"A Horse with No Name" - America

I included this on my playlist half-jokingly because I know a lot of people who hate this song. But I actually love it, and it captures being drugged and wandering around looking for revelation and/or salvation in the desert, which several of the poems in Part 3 are about. You could read the poem "Infant Mortality. Compulsive Therapy." as my "A Horse with No Name."

"The Ballad of Cable Hogue" - Calexico
and "Romance in Durango" - Bob Dylan

I adore both of these songs and see their male protagonists are very similar—both renegades who have broken the law and are trying to preserve themselves. Either of them could be the "wide-moustache[d]" dude who calls my speaker "criminal" and "slide[s] into the hot springs" "ass first" in my poem "You Need Me Your Ice, the Brightest in Town."

"Strawberry" - Everclear

Truth or Consequences, the town where I wrote the poems in Part Three, has grit to it. Like many areas of NM (and the region where I live, the northern panhandle of WV), there is a huge drug problem, especially meth. Spending a few weeks there a year and seeing plenty of folks who were very obviously strung out and down and out impacted my poems. Even though this song is about heroin, it beautifully captures that idea of climbing out of addiction but getting pulled back in. And I'm sure someone was doing heroin in that town.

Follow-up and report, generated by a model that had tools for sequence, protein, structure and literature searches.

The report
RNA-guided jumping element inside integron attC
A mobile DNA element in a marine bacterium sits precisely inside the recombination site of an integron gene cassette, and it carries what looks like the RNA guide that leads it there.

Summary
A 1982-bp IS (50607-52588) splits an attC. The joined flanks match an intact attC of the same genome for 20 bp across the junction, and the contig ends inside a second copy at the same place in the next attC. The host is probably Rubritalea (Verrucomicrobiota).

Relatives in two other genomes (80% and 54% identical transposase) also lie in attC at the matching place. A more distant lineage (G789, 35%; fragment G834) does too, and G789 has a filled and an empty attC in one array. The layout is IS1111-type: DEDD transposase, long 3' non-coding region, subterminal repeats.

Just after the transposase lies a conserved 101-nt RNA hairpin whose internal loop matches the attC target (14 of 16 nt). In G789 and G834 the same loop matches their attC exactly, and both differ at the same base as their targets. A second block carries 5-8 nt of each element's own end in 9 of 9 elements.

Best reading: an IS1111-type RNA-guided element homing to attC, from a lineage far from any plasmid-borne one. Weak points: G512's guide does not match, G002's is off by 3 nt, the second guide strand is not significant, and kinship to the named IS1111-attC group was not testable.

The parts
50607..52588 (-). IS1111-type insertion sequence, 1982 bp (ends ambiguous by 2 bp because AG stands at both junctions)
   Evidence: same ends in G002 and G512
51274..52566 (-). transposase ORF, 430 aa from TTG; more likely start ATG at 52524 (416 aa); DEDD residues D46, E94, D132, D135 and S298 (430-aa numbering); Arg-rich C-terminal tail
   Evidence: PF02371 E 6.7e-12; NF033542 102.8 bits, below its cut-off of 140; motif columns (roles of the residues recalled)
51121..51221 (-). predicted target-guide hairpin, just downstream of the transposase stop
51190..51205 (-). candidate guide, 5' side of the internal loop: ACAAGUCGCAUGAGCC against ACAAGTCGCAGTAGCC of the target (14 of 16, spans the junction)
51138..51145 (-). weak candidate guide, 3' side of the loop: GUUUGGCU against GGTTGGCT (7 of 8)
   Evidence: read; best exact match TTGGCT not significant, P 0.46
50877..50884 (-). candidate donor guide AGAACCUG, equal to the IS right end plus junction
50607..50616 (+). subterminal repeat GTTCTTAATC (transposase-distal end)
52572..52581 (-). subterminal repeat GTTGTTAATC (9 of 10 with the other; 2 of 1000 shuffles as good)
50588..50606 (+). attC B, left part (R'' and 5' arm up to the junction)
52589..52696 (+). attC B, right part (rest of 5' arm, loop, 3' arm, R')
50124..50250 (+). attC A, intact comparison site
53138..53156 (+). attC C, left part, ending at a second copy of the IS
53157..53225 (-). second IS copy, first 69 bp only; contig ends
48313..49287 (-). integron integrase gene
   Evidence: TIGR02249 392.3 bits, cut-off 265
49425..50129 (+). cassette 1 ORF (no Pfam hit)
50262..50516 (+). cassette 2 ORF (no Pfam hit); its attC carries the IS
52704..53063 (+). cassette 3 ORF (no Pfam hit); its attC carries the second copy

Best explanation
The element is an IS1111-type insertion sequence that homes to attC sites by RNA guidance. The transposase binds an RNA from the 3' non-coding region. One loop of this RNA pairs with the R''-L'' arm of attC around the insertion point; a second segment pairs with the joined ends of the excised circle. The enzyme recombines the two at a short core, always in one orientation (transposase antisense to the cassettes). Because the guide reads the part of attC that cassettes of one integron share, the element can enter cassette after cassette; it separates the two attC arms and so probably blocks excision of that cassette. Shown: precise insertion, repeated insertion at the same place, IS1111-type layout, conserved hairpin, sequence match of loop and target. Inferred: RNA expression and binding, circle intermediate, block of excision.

"The Charging Sky" - Jenny Lewis with the Watson Twins

This song, to me, chronicles domination by the patriarchy coupled with faith and doubt, all of which pervade the poems of Part Three:

Because institution's like a big bright light

And it blinds you into fear and consuming and fight

But in the desert underneath the charging sky

It's just you and God

But what if God's not there?

But his name is on your dollar bill

Which just became cab fare

The union of gambling and religion in the song "If I place all my chips on only one bet, I'm all in/And it's a surefire bet I'm going to die/So I'm taking up praying on Sunday nights" mirrors the last lines of my poem "To Cross Dunes in Boots Means Giving up": "…our shiny dice tragic/we kneel at El Cortez/watch cotton-ball crèches ignite Silverado."

"The Next Messiah" - Jenny Lewis

This is another song that I associate with being drugged up and freewheeling out in the desert. More crime as well:

Take it down to the river

Split it right up the middle

Now it's gonna be trouble